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‘All smoke, no fire’: Law professor dissects Nunes memo and finds it ‘punts’ when it comes to facts

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Joining the chorus of legal and political experts deriding House Intelligence Committee Chairman Devin Nunes’ (R-CA) dud memo is law professor Orrin S. Kerr, who said the four-page document is “more confusing than illuminating.”

In his Saturday op-ed for The New York Times, Kerr noted that Nunes’ memo is supposed to make the case that the Department of Justice and the FBI purposefully omitted key facts when applying for a Foreign Intelligence Surveillance Act warrant for former senior Trump campaign aide Carter Page. According to the University of Souther California law professor, however, they fail even to do that.

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“Even assuming the memo’s claims are true — which we can’t determine from the document itself — it still does not establish an ‘abuse’ of the foreign intelligence laws,” Kerr noted.

Republican proponents of the memo claim the infamous Fusion GPS dossier alleging ties between Russia Donald Trump was the prime piece of evidence in the decision to surveil Page. The information that would corroborate this claim, as well more information on why the DOJ decided to surveil the former campaign operative, is either left out of the memo or disputed by it.

“The memo mostly punts on the critical question: Was evidence provided by Mr. Steele important to finding probable cause?” Kerr mused. “We just can’t tell. There may have been lots of other evidence showing Mr. Page was a Russian spy. If so, it doesn’t matter what (if anything) the [House Intelligence Committee’s] affidavit said about Mr. Steele.”

“The memo gives us too little information to make a conclusion about whether the government abused the surveillance laws,” he concludes. “It’s a partial view when we need a panorama to know what happened.”

Read Kerr’s entire editorial via the Times.

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Joe Biden takes on Trump’s rhetoric during racial justice crises: ‘The words of a president matter’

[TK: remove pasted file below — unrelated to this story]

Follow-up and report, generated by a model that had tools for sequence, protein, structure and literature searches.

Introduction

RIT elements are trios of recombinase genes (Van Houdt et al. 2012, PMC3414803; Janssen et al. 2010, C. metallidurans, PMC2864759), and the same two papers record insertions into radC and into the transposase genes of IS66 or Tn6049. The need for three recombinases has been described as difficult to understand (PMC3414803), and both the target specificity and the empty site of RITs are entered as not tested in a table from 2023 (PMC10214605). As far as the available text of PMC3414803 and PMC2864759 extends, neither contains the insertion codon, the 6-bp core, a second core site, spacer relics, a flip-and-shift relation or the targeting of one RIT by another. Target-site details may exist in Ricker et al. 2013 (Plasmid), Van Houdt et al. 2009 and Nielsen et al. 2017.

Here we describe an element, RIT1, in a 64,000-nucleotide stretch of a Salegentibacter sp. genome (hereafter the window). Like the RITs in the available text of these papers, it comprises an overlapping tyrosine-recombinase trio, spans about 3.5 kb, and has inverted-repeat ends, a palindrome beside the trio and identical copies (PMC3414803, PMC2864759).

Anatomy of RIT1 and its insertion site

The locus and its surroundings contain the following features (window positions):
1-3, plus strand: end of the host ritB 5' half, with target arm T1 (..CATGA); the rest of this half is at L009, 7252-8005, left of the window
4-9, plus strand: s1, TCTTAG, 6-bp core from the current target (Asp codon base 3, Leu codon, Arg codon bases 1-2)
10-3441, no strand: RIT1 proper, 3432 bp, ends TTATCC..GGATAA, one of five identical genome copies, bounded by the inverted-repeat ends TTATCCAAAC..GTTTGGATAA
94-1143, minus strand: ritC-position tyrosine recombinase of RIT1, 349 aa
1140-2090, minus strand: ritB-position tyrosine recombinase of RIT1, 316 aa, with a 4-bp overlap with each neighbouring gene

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Former Vice President Joe Biden talked about the importance of a president's words and accountability during times of crisis during a Friday appearance on MSNBC.

Biden was interviewed by Craig Melvin, who noted the protests tearing apart cities and asked where he would start if elected president.

"I start by talking about what we must be, making no excuses, talking about our obligation to be decent," Biden answered. "Our obligation to take responsibility, our obligation to stand up when we see injustice."

"Look, the words of a president matter -- no matter how good or bad that president is," he explained. "A president can, by their words alone no matter who they are, make it rise or fall, take us to war, bring us to peace. The words of a president matter."

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South Carolina Republicans gather for an ‘active rejection’ of social distancing measures: report

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On Friday, The New York Times reported on a gathering of Republicans in Conway, South Carolina that appeared to be an "active rejection" of social distancing measures and other public health guidelines.

"The outdoor gathering here on Thursday was a send-off event for Cleo Steele, a longtime Republican Party operative in Horry County, who is retiring to Ohio," wrote Astead Herndon. "Speakers shared the same microphone. Local and state political candidates greeted voters with handshakes and squeezed tight for pictures. Of all the people gathered outside the county Republican office — many of them senior citizens — fewer than a dozen wore masks."

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Paul Krugman: A stronger GDP won’t help Americans if they’re dead

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Liberal economist Paul Krugman, in his New York Times column, has been stressing that the better a job the United States does with social distancing policies now, the better off the U.S. economy will be in the long run. In his Thursday column, Krugman warns that a premature reopening could hurt the U.S. both economically and from a health standpoint.

“America is now engaged in a vast, dangerous experiment,” Krugman writes. “Although social distancing has limited the spread of the coronavirus, it is far from contained. Yet despite warnings from epidemiologists, much of the country is moving to open up for business as usual.”

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